Writing in the Mountain Gazette, Cal Glover shares similar thoughts about Jackson Hole, where the average price of a two-bedroom house last year was a whopping $643,000-this in a depressed market. “I make four dollars and twenty five cents an hour. So I’d have to work 151,294 hours, or 15,129 cab shifts…or about 210 seasons, to afford such a house. If I radiate enthusiasm and make a few tips, I could whittle that down to 105 years.” Less than a third of the people who work in towns like Jackson, Steamboat, Vail, and Aspen can afford to actually live there. Of the wealthy who can afford it, many are no less fair-weather friends than those who roamed the Rockies a hundred years ago. One of the eeriest experiences in this region is to walk through entire subdivisions on a night in November or May, between ski season and summer holidays, and find there not a single lamp burning in the windows.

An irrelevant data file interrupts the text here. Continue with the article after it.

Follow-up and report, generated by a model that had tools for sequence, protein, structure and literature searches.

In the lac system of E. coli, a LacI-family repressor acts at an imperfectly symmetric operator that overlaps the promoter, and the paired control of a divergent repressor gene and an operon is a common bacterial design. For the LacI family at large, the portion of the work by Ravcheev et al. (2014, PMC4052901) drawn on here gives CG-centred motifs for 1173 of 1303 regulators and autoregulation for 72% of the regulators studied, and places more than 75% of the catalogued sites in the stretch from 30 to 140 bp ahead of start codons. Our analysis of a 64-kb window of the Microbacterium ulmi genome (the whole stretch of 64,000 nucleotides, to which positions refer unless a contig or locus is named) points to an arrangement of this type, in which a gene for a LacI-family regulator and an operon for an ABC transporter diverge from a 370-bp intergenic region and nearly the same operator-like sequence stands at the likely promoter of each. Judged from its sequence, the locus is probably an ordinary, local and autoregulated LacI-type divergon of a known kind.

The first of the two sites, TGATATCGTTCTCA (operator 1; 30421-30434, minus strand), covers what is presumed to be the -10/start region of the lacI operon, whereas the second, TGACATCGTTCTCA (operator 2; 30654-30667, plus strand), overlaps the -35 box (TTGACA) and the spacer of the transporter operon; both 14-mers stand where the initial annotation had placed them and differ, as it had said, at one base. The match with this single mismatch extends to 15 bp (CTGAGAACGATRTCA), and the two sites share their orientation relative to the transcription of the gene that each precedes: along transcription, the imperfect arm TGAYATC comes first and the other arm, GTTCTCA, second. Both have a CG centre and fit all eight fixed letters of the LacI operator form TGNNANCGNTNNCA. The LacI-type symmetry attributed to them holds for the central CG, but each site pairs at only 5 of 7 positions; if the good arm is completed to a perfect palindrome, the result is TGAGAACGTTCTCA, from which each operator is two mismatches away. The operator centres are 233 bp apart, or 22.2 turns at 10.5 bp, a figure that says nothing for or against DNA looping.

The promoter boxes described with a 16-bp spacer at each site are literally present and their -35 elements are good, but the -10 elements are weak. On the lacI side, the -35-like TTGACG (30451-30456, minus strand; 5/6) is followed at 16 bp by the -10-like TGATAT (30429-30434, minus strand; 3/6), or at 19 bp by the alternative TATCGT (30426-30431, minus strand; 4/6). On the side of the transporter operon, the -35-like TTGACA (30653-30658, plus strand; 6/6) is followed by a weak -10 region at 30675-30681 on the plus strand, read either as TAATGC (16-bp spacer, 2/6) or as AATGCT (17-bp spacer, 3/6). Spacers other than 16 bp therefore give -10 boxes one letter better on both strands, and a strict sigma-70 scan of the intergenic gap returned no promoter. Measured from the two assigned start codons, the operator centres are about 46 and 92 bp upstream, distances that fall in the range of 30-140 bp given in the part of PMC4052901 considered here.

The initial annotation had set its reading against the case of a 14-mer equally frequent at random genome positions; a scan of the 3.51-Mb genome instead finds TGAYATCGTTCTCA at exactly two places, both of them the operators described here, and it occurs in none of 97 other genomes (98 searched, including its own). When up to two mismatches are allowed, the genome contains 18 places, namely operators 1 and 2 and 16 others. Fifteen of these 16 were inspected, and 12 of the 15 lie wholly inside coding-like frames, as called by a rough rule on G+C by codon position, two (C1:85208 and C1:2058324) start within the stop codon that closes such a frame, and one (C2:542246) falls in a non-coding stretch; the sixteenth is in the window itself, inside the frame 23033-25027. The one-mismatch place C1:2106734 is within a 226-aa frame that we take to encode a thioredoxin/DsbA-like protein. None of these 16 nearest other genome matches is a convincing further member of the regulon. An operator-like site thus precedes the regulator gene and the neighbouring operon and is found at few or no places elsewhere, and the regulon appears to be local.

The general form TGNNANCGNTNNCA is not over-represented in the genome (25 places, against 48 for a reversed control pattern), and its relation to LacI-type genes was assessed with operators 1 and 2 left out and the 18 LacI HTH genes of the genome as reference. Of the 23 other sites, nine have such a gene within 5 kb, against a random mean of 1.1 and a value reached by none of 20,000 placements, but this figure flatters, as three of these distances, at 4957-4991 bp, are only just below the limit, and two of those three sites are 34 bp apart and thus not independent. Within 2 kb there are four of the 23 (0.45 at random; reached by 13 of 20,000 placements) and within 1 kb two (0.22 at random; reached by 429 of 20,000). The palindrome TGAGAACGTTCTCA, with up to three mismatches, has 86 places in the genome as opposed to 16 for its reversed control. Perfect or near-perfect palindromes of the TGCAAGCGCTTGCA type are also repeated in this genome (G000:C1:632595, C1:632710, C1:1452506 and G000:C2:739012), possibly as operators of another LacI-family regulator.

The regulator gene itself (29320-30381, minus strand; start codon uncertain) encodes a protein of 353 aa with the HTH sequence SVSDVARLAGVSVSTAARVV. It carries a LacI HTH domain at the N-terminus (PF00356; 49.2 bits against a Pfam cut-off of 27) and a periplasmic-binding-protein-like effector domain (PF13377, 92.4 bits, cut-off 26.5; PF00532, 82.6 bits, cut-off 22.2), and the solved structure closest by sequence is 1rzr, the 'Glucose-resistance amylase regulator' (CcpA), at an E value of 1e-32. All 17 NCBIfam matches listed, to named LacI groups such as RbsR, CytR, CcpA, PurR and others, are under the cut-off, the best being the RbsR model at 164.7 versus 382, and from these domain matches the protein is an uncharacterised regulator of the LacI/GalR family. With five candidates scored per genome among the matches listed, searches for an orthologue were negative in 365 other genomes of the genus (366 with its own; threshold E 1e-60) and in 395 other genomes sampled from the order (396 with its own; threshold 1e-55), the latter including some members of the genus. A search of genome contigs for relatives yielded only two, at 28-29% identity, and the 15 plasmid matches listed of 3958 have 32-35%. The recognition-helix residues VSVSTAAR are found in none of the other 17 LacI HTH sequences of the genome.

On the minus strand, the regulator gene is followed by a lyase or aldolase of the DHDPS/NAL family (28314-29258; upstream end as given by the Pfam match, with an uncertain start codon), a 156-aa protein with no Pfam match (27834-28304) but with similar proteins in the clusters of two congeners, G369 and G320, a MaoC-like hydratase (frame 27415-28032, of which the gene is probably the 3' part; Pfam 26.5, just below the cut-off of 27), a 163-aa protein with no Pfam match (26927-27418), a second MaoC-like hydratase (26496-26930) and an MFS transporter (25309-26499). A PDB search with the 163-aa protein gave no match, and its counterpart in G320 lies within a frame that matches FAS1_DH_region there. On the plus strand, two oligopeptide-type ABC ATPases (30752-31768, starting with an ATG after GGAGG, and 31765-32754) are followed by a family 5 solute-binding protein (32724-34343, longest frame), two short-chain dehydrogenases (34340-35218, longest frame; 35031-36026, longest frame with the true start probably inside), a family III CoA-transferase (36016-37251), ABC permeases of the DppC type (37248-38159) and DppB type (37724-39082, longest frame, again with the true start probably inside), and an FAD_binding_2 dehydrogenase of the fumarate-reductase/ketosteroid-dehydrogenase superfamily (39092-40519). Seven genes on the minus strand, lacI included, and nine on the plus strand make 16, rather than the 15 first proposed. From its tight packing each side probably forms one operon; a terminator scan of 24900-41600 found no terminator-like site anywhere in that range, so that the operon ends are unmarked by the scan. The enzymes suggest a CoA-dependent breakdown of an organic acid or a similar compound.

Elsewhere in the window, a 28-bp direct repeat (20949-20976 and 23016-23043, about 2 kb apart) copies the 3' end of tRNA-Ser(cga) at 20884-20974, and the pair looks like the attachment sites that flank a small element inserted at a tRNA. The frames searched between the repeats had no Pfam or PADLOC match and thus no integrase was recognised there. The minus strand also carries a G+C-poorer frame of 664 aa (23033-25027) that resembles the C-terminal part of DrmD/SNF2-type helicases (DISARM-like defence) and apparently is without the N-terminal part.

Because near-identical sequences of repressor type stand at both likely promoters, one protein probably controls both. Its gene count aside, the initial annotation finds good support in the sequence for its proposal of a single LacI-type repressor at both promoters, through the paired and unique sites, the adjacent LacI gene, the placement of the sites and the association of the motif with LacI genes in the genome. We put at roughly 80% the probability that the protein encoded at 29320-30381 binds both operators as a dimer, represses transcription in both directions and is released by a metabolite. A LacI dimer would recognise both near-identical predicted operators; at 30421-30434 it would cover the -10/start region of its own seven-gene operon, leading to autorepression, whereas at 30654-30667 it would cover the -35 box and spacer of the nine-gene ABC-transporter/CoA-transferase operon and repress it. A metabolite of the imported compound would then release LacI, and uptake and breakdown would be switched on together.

Wealth has brought other changes as well…. At the northern edge of Greater Yellowstone work continues on the exclusive Yellowstone Club-a recreational hideout for the rich, with memberships going for $250,000 and annual dues of up to $16,000. Security is coordinated by former Secret Service agent Bruce Bales. In all it’s a far cry from even 40 years ago, when a handful of Hollywood stars were setting up homes in the remote valleys of Montana and Wyoming-not because such places were trendy, because they clearly weren’t, but because such celebrities were desperate to hang out in a place where the neighbors weren’t easily impressed. Today the famous have been joined by thousands of others who are impressed, and greatly so, fairly giddy with the thought of telling friends at cocktail parties in New York or Atlanta about their Wyoming ranch, just down the road from Harrison Ford.